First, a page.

According to media reports, the incoming head of the British Secret Intelligence Service (better known as MI6) has had personal information about himself and his family exposed on Facebook, after his wife's Facebook account was discovered to be potentially wide open for 200 million people to view.
The Mail on Sunday claims that the wife of Sir John Sawers left her privacy settings on the social networking website wide open for anyone in the "London" network to view her updates.
According to the newspaper, this revealed details of Sir John and his family (he has three grown up children), including personal photographs of them partying and on holiday, the location of their flat, and the identities of friends and close associates, to any of the almost four million people who are members of the "London" geographic network (a Facebook group that any user can join - regardless of where they are in the world).
The Sunday Mail speculates that Sawers could be in hot water for breaching MI6 guidelines after it was revealed that one relative on the network posted a message of congratulations when his appointment was announced:
Congrats on the new job, already dubbed Sir Uncle "C" by nephews in the know!
I'm rather sceptical of that being such an issue, however, seeing as the British government had hardly made any secret of Sawers' appointment. Sir John is currently Britain's Ambassador to the United Nations, and was named as the next head of Britain's overseas overseas spying activities last month. It is well publicised that when he takes the post in November, he will be dubbed with the internal Whitehall codename "C".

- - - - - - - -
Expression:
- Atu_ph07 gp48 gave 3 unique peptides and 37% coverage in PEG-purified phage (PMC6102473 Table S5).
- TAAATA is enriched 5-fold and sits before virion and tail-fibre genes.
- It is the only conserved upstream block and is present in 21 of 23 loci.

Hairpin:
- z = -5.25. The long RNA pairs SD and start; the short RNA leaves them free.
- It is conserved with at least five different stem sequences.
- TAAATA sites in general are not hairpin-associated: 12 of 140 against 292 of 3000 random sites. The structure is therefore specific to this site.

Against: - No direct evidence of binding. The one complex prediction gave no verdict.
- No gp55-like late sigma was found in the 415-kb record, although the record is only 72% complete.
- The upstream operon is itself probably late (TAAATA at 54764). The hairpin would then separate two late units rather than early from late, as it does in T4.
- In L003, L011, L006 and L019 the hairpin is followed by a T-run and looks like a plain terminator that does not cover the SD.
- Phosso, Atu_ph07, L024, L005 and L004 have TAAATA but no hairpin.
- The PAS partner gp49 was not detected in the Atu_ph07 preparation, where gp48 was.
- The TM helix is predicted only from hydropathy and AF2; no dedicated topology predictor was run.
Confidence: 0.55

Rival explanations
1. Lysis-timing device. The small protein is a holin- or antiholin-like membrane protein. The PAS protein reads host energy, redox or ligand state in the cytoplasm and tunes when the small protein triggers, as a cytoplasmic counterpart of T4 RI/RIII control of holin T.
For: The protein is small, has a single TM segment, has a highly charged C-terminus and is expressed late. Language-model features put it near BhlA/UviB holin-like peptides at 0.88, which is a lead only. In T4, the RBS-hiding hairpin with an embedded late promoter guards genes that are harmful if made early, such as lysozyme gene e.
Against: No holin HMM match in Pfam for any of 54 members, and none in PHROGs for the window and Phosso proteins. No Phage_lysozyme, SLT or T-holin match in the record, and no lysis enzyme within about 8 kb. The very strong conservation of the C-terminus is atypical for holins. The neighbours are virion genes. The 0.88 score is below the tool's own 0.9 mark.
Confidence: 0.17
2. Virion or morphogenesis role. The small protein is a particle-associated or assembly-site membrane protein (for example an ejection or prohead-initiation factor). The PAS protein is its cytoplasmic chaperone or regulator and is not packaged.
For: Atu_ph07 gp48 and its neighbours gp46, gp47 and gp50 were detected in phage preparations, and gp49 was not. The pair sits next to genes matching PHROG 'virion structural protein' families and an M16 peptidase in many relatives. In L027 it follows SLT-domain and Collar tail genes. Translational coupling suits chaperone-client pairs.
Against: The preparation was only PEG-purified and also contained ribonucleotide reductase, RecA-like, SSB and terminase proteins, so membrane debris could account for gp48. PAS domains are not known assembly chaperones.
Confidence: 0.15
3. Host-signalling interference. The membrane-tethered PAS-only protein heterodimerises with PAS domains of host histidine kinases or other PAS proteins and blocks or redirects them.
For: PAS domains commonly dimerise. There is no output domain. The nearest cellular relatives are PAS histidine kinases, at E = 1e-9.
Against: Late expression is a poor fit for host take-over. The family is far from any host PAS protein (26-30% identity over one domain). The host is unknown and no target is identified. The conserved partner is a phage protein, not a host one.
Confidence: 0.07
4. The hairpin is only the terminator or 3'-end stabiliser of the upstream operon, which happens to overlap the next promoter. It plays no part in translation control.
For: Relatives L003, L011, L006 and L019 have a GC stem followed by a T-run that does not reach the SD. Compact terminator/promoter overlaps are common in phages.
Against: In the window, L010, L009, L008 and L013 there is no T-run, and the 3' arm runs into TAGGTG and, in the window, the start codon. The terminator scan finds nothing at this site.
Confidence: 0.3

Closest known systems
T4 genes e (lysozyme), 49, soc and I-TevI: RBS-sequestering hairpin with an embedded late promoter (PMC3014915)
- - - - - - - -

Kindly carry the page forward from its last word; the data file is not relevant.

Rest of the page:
No, the bigger issue here is something we have talked about before: Facebook users joining geographic networks and not properly checking their privacy settings afterwards. When Sophos investigated this problem before, we found that that a staggering 75% of people in the Facebook London group allow their profiles to be viewed by any other member, regardless of whether or not they have agreed to be friends.
Hopefully revisions Facebook has made since we did that privacy test has increased awareness amongst users that they need to take more care over who they share their personal information with - but we are still finding people who are leaving themselves wide open to potential identity theft by sharing data with complete strangers.
Lady Shelley Sawers certainly seems to have learnt that lesson. All traces of her account on Facebook have disappeared following the newspaper investigation.
But don't forget that leaky social networking profiles aren't just a security issue for spy chiefs and their families. Millions of home users and office workers may be sharing too much information online, and being careless with their privacy settings - potentially allowing all kinds of unwelcome people to gather information about you.
If you're interested in finding out more, here's a podcast where I discuss Facebook and identity theft: